Exxon Valdez, 25 years later

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by Victoria Taylor

ANCHORAGE-  25 years after an Exxon oil tanker crashes into Alaska's shores, economy and environment still feel the impact.  Impact from one of the nation's largest oil spills still spreads like oil sheen on the ocean's surface.

For one fisherman, March 24th 1989 started like any other off season day. "We had the boat in storage for the winter, before the day was over i put the boat in the water. went across the bay from Valdez to Alyeska pipeline," said Roy Alley, a retired commercial fisherman from Valdez.

An Exxon tanker slammed into Bligh reef. An estimated 11M gallons of oil spill into the ocean off Prince William Sound. Alley was called to help corral the oil. He says at the time they had no idea how far the spill would stretch. He says the first few days after the spill the weather was calm. Wind picked-up and this is what caused the damage to spread so far.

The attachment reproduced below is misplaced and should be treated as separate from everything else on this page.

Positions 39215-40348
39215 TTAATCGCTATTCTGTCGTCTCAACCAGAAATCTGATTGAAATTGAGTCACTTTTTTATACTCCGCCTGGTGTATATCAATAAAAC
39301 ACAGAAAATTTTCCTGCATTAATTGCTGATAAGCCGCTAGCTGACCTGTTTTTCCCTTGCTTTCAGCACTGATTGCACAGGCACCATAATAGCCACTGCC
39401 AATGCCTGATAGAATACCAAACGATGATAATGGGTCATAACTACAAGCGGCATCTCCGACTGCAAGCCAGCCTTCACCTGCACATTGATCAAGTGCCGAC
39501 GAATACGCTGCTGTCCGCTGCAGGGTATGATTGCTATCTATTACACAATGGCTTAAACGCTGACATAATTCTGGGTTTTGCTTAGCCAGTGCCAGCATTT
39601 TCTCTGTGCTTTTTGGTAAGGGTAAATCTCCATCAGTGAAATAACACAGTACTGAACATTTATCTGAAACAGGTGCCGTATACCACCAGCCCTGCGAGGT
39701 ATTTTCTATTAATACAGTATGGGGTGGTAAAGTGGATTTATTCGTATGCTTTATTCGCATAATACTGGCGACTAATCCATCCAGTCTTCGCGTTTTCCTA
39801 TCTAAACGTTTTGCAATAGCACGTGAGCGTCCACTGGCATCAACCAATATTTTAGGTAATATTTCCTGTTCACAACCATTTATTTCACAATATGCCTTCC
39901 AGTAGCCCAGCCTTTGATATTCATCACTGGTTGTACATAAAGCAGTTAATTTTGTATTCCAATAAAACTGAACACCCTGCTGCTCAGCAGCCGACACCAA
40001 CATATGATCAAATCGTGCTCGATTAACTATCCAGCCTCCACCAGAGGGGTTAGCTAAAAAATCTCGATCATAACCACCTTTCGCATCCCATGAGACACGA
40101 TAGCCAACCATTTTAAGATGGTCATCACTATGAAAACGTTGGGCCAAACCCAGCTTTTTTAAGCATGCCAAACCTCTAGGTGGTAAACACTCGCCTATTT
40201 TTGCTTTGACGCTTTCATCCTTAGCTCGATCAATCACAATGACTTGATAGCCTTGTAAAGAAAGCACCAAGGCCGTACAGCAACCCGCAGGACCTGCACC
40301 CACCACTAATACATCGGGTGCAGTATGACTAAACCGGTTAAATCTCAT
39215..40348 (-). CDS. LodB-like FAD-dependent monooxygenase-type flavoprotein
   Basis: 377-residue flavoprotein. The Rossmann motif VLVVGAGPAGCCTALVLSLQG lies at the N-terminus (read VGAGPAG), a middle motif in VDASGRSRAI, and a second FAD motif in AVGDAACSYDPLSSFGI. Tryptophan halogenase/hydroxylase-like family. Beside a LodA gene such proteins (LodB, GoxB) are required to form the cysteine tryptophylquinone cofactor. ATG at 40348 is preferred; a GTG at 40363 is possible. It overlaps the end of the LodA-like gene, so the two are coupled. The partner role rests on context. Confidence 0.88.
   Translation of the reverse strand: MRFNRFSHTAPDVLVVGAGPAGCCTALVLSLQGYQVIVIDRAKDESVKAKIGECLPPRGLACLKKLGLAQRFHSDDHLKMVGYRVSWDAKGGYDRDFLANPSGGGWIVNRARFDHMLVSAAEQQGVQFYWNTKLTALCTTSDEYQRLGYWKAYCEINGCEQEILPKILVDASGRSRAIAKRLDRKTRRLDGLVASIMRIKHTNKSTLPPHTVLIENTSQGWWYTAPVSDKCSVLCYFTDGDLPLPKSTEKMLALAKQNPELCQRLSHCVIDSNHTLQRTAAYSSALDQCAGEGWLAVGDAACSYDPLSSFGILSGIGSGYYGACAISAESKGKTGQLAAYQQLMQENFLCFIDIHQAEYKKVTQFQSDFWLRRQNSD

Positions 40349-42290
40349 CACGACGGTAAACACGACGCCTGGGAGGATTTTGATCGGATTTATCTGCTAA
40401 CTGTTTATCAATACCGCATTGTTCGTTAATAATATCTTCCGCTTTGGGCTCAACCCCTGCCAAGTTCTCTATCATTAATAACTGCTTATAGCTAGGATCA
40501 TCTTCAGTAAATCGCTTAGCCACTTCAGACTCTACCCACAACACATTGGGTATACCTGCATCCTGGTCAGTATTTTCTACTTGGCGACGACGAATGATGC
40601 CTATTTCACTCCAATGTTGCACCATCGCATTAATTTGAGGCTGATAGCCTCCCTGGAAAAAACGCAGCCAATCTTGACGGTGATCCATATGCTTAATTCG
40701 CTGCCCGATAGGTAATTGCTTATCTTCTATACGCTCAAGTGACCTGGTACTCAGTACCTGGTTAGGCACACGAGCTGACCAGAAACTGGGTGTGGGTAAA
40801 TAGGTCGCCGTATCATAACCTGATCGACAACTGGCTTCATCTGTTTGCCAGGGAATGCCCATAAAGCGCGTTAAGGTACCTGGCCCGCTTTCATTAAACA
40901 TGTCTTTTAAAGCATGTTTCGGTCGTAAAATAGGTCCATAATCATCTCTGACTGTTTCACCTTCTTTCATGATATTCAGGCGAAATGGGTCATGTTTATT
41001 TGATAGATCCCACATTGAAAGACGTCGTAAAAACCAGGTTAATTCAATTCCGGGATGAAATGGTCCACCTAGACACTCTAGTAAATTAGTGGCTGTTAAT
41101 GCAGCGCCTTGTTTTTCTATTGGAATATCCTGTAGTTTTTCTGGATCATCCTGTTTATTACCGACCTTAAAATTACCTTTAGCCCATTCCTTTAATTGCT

Gene Karpinski, President of the League of Conservation Voters says, "It's an absolute tragedy that today, 25 years later, Alaskans are still suffering economically and environmentally from that spill. We're still seeing the effects of that spill."

Alley says he made his bread and butter with commercial salmon fishing, but also dipped into herring. One breed he says still hasn't returned to Valdez," it was a shot in the arm to the fisherman who would fish the herring. They just wont go into a contaiminated area"

Some say two and a half decades later, the Exxon Valdez oil spill is still a tough lesson to learn,"This has to be figured into our risk calculus about oil development, drilling, transportation, pipeline, shipping anywhere and everywhere. We have to simply be honest about what the potential risks are," says Professor Rick Steiner, International oil spill expert